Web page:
Another inspiring tale to add to Mexico’s boxing folklore

October 28, 2012 No Comments

Gamaliel Diaz, Mexico’s latest boxing hero raises the WBC World Championship belt high overhead upon his return home to his family and cheering countrymen.

On Takahiro Ao’s docket for October 27, 2012 was a meeting with a 31 year-old Mexican boxer by the name of Gamaliel Diaz at the Tokyo International Forum, Ao’s venue of choice in his hometown. Ao’s opponent had 28 wins, nine losses and two draws. Being that Diaz was older and a righty and Ao was younger and a southpaw, this was penciled in as his fourth straight title defense, more or less a walk in the park for the WBC super featherweight title holder. Ao had 23 wins, only two defeats, a draw, plus 10 KOs.

Only problem, Diaz was never informed of Ao’s plan and so he didn’t follow the script. He prepared as if there was no tomorrow and defeat was not an option. On Saturday night he won by an unanimous decision to capture Ao’s WBC super featherweight crown.

Should Ao’s management team been worried about the prospects of a loss? They should have. After all Diaz had won 13 straight, and this was his third and most likely his last shot at a world title. 

He also had a history of upsetting the favorite. On December 2, 2005, Díaz beat the undefeated Mexican-American future champion Robert Guerrero to win the NABF Featherweight Title. Then on July 13, 2007, he defeated future champion Elio Rojas in a WBC Featherweight Title Eliminator to hand the Dominican his first loss. Also, Diaz had made two prior visits to Japan and defeated Ao’s countrymen, Naoto Fujiwara and Makoto Uehara.

At first, the cut over Takahiro Ao’s left eyebrow didn’t look that bad, but after a little work it turned out to be a real difference maker, especially after the blood from that cut trickled down and affected Ao’s vision. Photo: Jim Wyatt

From the outset, Diaz got Ao’s attention by landing these straight rights flush on his opponent’s face. He added a series of similar blows in the second round.

Early in Round three, the road got a bit bumpy when Diaz was given a one point penalty for what referee Ian John-Lewis deemed an intentional head butt which drew blood from above Ao’s right eyebrow. On the replay, it was clear that Diaz had used his forehead as the third weapon in his arsenal.

Diaz’s darting straight right hand kept beating his opponent’s left to the target. If Ao landed a punch, Diaz made certain to land two.

Then, Diaz was docked a second point in the fifth round for another low blow. After the ref had issued multiple warnings the issuance of this penalty was more than just.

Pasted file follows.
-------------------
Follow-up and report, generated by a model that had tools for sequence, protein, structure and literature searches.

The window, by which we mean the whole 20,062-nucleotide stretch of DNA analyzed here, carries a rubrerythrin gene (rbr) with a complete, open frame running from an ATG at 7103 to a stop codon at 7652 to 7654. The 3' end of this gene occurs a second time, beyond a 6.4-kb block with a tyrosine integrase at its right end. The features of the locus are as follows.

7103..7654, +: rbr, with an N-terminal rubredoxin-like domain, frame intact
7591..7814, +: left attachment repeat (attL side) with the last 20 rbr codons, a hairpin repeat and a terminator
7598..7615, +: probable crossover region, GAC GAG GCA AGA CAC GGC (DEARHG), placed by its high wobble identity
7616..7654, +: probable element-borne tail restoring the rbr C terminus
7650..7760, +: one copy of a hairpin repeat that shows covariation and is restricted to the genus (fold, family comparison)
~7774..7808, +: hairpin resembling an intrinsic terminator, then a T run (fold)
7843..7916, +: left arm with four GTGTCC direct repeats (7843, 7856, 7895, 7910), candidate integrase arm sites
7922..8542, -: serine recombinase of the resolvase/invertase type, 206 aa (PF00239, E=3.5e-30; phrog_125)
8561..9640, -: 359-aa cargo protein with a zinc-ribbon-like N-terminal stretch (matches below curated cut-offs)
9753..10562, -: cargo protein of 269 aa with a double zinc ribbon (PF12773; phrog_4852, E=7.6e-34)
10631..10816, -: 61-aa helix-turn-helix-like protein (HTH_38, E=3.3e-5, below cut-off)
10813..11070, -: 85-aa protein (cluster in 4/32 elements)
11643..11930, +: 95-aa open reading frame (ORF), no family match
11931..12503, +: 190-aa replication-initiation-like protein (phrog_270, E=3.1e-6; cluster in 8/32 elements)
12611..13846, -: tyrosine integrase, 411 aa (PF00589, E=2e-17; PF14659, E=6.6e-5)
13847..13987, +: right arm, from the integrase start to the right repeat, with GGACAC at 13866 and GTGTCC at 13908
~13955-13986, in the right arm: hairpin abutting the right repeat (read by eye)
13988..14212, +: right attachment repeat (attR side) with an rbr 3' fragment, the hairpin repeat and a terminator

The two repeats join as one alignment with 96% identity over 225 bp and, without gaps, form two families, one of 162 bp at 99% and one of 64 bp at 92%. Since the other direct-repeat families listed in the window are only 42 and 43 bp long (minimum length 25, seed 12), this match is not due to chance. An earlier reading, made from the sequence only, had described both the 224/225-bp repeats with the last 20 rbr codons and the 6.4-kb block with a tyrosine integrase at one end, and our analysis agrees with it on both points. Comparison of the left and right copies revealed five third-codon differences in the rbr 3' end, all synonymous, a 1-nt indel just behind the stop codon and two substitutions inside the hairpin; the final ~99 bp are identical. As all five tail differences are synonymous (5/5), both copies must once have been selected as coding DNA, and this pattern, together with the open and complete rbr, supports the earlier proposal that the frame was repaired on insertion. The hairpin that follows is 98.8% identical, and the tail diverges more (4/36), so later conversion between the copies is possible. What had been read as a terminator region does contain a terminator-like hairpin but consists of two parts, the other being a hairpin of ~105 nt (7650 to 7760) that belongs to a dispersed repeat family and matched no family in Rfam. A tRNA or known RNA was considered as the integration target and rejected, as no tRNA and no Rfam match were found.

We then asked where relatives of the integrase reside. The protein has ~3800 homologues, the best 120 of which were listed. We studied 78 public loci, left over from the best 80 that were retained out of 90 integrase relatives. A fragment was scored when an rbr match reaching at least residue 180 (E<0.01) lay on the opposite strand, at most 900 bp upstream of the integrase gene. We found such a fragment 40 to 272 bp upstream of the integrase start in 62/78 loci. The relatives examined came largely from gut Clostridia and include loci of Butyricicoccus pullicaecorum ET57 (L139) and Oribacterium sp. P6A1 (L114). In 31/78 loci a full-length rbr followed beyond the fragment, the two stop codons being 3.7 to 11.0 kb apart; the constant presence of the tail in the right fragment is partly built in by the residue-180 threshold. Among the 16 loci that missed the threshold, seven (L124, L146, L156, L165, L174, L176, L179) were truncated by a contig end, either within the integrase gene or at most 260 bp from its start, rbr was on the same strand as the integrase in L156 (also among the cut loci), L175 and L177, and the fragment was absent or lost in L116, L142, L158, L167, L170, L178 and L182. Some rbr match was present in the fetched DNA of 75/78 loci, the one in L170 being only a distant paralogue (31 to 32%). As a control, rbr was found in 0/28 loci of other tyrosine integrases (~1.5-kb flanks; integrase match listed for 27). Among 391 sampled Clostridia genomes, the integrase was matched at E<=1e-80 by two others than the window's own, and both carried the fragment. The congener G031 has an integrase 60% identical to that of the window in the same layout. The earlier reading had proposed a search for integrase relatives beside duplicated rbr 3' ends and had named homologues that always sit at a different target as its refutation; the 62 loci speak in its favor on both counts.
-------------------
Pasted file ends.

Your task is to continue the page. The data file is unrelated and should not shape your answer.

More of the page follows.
Gamaliel Diaz lands another shot to the head of Takahiro Ao in their WBC Super Featherweight Title fight on October 27, 2012 in Tokyo, Japan.

Ignoring the penalties, Diaz remained resolute to follow his game plan. Even after getting tagged by some solid lefts, he never wavered. His two and sometimes three additional blows were keeping him ahead in the punch count. Meanwhile, his Japanese counterpart was unable to fend off the constant pummeling and of course he had to deal with that blood trickling down his face.

In Round nine, Ao caught Diaz with a glancing left that opened a nasty cut over Diaz’s right eye. From that point on both fighters kept pounding each other with the intent of opening the cuts further. Diaz was masterful using every sneaky trick in the book from hitting on the back of the head, hitting on the break and using his arm to hold Ao’s arm. He leaned on, pushed down, and even tripped Ao. The most masterful strategy involved using the clinch as a device to negate any response.

Takahiro Ao vs Gamaliel Diaz 2012-10-27 by Gaston Pouliot

In the end, the judges that you would assume had a lean towards Ao, scored the bout 114-112, 114-112 and 115-111 all in favor of Diaz. This bout was a classic duel between a southpaw and an orthodox fighter, one that if studied can benefit the novice who has yet to fight against someone of the opposite stance.

Post fight quotes:

Gamaliel Diaz: “My dream came true. I was calm from the very first round. I received several heavy punches, but he was unable to knock me out.”
Takahiro Ao: “I wasn’t strong enough to beat him. I got flustered, distraught after my eyesight became worse. When I tried to move forward, I lost my balance.”

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